Certainly, the hiring of Michael Nicholson as his replacement means that the internal thinking of the club has not changed from what it was, and is questionable on multiple fronts, not the least of which is that six months after taking the job, the man whose role is to be the public face of the company has yet to give a single interview or say a single word to the fans about the long term plan.
He is virtually anonymous, and that is troubling.
With all that in mind, if in your heart of hearts, you believe that things at our club are just peachy, that you trust this board then relax.
If you think getting the right man in Ange after pursuing Howe for all those months is a freakish turn of luck, then you know we’re not betting on their judgement being sound but only that their good luck will continue to run.
That hope ought to have evaporated last night when John Lundstram put the ball in the net.
The luck might well be with the other side of the city, because If his team wins the Europa League the equation changes dramatically.
In fact, it changes utterly.
The Ibrox side, although it may sell key players in the summer, will certainly have the money to fully rebuild their squad, and unlike what most frequently happens with Celtic, they will spend it all chasing the next high.
You can bet your life on that.
What that means is that if – and it’s no longer a big “if” but a realistic possibility – they lift the trophy in Seville on 18 May that we cannot rely on doing just enough to stay in front, because they will leverage the shit out of their position, and they will be hammering on our door next year and perhaps even the year after that, whatever the results on the park are.
They will be in better shape than at any time in their short history.
The Celtic board fan-club can argue all they want that the club is in good hands and that things are running smoothly; I would contend that aside from the excellence in the dugout, the upper leadership of our club remains decidedly third rate.
Remember that results on the park can cover a multitude of sins.
The Ibrox players and management team may just have dug their club’s directors – who had not a clue how to face this summer – out of a very deep hole.
There is no question in my mind though that Ange has done that for ours.
This board has been tested, under real pressure, once in the last 20 years and under that spotlight they sacked Lennon too late, dithered over his replacement, plucked the first name the Lawwell contacts book threw at them and hired him after one interview, hired and then sacked a CEO within six months and appointed his replacement from around the wee table where all those other decisions were made, and those same people have now hired Peter Lawwell’s son to run the whole scouting and signing department, ironically the one area of the club which has actually improved from the time when another Lawwell ran it all.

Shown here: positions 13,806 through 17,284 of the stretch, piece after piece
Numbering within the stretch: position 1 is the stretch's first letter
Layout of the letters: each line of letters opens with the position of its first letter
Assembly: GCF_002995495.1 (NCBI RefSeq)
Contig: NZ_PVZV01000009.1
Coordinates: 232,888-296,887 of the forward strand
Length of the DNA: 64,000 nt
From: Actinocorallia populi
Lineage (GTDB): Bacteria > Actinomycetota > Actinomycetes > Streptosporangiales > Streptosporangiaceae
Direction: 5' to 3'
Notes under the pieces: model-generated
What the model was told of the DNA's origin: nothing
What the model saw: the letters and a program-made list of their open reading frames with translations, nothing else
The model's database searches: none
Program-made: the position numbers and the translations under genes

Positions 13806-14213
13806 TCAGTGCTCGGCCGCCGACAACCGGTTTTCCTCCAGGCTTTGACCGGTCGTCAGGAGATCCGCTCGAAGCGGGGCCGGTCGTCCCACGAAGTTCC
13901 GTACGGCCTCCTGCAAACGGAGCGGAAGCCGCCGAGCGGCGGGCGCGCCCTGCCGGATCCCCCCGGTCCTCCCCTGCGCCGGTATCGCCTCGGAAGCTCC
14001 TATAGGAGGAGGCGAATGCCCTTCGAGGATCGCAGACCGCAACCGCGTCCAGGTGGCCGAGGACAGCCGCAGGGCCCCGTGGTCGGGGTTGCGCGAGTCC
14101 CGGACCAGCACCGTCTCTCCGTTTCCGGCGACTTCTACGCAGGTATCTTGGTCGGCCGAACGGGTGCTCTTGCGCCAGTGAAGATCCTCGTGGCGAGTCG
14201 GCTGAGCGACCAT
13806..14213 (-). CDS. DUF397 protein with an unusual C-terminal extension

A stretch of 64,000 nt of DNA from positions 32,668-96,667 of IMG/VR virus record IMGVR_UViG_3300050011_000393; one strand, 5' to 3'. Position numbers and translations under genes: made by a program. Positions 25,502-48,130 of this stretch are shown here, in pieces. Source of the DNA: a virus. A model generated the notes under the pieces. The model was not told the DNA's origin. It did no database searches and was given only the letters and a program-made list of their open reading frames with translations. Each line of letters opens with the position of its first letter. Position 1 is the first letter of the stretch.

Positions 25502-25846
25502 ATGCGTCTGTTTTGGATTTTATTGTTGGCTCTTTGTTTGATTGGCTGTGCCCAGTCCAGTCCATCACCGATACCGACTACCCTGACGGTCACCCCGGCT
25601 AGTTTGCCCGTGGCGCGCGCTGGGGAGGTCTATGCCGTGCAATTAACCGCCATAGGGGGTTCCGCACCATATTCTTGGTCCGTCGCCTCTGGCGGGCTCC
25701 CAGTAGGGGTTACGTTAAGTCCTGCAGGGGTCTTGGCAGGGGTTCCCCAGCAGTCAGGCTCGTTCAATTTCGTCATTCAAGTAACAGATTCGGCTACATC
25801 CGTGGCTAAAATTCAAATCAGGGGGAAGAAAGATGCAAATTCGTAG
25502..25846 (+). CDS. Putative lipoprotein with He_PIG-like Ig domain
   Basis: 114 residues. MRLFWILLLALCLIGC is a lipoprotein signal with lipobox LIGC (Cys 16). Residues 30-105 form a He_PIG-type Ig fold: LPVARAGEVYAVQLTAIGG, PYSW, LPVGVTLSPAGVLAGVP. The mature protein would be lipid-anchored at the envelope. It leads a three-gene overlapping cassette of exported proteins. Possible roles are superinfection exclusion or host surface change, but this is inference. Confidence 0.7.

These are the facts of the case, and they are undisputed.
By the time the full-time whistle blows in Seville, on 18 May, that same board of directors might find themselves faced with an aggressive, driven opponent which will have the resources to fight out the next campaign, backed by a support which will believe anything is possible, with the wind at their back and a media fully onside, and they will have no qualms about spending whatever they have to in order to supplant us.
In those circumstances, everything comes down to a single question; is this board, with its insular thinking, capable of accepting the changed circumstances and responding in a way that has thus far completely eluded them?
This will be their second major test, and if we go into that fight with anything less than full-throated commitment then, frankly, I fear it will end badly. But if this club has learned the dark lessons of the last 24 months, instead of drawing all the wrong conclusions, then it will act with resolution and purpose and lay aside the doubts.
That is what I fervently hope for, but history has taught me to worry.
At any other club, the events of last night would have hard-slapped them out of whatever complacency there was left.
If Ibrox wins that final, then the landscape has changed and whatever the summer plan was, it has to change to meet the new challenge.
If they don’t get this then a hard rain is going to fall, and it ought to be the one that finally sweeps this exhausted, visionless board away.
Because sleeping at the wheel once can be forgiven … but I fear we’ve fallen into a pattern here of complacency and a style of decision making from which no real long term good can come.
I hope to God I’m wrong. I hope we never have to find out.